Abducted in Plain Sight, a 2017 documentary that gained in popularity after its 2019 Netflix debut, hooks viewers with the jarring, twisted facts about this strange case. At the film's conclusion, many may wonder what was left out. As is the case with most true crime documentaries, presenting every incident, fact, and event that occurred throughout the Broberg family's decades-long nightmare is virtually impossible.
Many viewers focus on the perceived shortcomings of Mary Ann and Bob Broberg as they allowed Robert "B" Berchtold to infiltrate, sully, and control their lives, as well as that of their young daughter. However, the documentary doesn't delve into how their Latter-day Saints (LDS) faith provided a fertile environment for "B" to sow his deceptions within the family. Viewers expressed dismay over Jan's willingness to believe in aliens, but the documentary omits the widespread public fascination with UFOs at that time, rendering her interest and susceptibility relatively normal. Another omission is the mechanics and implications of brainwashing itself, an exclusion that makes Jan appear foolish and immature to viewers not provided the proper background.
Significant additional information about those events - as well as facts about Berchtold's past - create a well-rounded view of the Brobergs' life-altering saga and may even inspire more sympathy for the family that endured such violations.
In 1972, Robert Berchtold began paying Jan Broberg special attention. He invited her on a family water-skiing trip and took multiple photos of her as she played and smiled. He also used his children as an excuse to ask the Broberg girls to his home for sleepovers.
During those sleepovers, he began dosing Jan with "allergy pills" so he could take advantage of the groggy child, later explaining the incidents as innocent nighttime check-ins.
He convinced Mary Ann and Bob Broberg to allow him to sleep beside Jan in her bed for six months. During this time, Berchtold continued to slip her substances, further normalizing the behavior that ramped up to increasingly inappropriate encounters when he took Jan in 1974.
Abducted In Plain Sight showrunner Skye Borgman told Vanity Fair Mary Ann Broberg discussed an attempt to lure Berchtold to a parking lot for a meeting. Allegedly, she and one of her brothers were planning to threaten Berchtold.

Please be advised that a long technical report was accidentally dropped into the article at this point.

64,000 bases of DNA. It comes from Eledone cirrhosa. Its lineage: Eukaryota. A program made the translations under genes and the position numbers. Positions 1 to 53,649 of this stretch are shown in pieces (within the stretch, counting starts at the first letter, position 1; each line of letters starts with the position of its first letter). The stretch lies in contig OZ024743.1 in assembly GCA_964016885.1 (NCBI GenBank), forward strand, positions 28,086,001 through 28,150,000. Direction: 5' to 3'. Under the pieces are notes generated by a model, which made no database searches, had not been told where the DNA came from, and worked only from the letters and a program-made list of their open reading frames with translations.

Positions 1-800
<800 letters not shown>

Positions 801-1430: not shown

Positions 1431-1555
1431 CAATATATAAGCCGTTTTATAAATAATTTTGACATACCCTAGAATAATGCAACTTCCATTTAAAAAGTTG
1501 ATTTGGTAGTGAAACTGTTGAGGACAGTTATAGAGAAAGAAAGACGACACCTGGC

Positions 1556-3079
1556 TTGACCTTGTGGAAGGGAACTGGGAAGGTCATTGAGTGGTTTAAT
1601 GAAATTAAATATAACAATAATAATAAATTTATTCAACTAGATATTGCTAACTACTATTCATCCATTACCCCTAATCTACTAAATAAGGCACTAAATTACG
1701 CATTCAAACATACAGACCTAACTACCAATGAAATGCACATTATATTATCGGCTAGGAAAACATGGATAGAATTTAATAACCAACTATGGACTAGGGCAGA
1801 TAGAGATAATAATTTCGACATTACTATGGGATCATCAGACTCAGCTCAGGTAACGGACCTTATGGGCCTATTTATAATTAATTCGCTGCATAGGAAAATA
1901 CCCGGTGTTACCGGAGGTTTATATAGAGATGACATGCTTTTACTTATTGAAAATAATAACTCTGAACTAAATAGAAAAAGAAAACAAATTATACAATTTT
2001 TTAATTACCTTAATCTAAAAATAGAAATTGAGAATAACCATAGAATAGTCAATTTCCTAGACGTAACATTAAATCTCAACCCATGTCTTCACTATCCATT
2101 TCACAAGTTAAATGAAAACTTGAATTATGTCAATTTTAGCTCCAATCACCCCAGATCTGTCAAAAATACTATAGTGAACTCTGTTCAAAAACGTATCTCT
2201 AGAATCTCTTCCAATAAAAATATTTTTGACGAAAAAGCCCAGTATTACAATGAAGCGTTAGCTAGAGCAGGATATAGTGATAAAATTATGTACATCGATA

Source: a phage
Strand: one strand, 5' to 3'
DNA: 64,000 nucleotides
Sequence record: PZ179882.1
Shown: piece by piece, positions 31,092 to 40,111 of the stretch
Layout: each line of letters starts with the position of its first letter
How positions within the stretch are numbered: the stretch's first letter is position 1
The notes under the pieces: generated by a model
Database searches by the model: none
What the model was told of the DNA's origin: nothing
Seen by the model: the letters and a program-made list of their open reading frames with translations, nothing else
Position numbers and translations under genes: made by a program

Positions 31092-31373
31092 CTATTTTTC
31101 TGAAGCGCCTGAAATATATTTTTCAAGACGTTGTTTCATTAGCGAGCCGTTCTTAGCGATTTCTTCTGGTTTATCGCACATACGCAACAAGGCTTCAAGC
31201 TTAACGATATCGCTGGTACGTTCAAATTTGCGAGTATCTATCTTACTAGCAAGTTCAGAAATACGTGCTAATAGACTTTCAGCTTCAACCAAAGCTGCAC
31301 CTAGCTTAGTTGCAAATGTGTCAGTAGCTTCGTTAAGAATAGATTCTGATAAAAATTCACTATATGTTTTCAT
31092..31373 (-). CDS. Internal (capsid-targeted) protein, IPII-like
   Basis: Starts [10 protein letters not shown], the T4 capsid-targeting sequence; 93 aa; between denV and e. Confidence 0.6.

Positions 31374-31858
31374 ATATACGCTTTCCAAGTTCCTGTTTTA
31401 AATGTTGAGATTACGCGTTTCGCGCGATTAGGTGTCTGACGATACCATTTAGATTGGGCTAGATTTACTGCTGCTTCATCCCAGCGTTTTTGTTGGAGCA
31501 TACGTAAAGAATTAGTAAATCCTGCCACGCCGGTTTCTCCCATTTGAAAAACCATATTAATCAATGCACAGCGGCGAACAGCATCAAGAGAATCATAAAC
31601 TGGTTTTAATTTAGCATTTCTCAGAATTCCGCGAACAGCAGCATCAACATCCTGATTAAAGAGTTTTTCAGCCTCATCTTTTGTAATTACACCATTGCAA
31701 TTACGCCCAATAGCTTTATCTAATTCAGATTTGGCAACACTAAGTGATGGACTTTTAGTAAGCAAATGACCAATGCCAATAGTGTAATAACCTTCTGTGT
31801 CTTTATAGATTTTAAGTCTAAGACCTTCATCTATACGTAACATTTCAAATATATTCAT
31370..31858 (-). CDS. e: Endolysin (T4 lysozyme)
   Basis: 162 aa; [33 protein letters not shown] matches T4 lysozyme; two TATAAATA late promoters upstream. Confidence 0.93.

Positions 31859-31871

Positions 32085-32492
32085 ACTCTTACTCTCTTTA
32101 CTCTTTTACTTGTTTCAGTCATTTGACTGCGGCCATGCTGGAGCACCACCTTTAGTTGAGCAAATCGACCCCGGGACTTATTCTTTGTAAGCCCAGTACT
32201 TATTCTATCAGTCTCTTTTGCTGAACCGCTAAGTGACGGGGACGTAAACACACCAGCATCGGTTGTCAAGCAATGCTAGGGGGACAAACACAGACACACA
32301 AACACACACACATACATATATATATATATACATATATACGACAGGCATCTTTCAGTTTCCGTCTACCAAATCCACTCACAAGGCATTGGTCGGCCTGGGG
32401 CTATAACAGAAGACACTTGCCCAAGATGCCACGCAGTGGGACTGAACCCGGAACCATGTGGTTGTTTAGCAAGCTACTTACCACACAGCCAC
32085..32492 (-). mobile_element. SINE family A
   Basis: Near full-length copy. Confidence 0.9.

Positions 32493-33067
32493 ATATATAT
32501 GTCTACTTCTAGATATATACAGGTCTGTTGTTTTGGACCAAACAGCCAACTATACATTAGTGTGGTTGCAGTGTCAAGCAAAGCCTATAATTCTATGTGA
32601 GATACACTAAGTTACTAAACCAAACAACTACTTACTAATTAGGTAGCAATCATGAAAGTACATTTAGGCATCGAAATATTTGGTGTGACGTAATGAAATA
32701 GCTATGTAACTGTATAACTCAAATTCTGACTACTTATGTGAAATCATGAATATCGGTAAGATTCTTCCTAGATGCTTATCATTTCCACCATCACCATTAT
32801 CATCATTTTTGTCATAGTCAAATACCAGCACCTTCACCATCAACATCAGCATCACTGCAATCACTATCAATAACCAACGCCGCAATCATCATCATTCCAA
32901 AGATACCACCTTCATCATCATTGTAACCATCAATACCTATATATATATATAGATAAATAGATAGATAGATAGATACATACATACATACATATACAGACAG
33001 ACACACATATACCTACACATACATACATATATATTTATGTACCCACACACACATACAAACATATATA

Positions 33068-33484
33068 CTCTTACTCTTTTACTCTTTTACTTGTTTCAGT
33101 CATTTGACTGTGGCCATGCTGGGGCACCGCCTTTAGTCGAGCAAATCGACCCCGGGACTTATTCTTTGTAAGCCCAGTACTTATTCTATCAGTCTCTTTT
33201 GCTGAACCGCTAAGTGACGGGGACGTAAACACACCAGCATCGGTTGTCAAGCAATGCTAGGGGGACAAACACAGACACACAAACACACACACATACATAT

However, the scene was subsequently removed from the final cut of the documentary.
Cathie Clarke, neighbor and occasional babysitter for the Broberg family, spoke with KTVB in February 2019. She discussed interactions between herself, her family, and Robert Berchtold. Clarke's father is featured in the documentary, recalling a water skiing outing with Berchtold's family - and Jan Broberg.
Clarke's father picked up on the amount of attention Berchtold heaped upon Jan and decided that he would no longer allow his family to interact with him.
Clarke also told the news station about an incident that occurred when she babysat for the Berchtold family:
He came home while I was there and said, "You don’t need to go home. Just stay." And he had me there for about an hour and then said I could go home.
According to a January 2019 Slate article, the National UFO Reporting Center's data collection pinpoints the 1970s as the peak of alien paranoia. This means, at the time of Jan Broberg's conditioning, fear surrounding aliens' existence and the potential peril they posed was very real.
Filmmaker Skye Borgman told Vanity Fair in February 2019 that Berchtold's other marks also listened to "alien tapes" instructing them to mate with the older man. Borgman added:
This whole idea of science fiction was popular, and tape recorders had just come out. There were also a lot of newspaper articles about UFOs and whether or not they were real.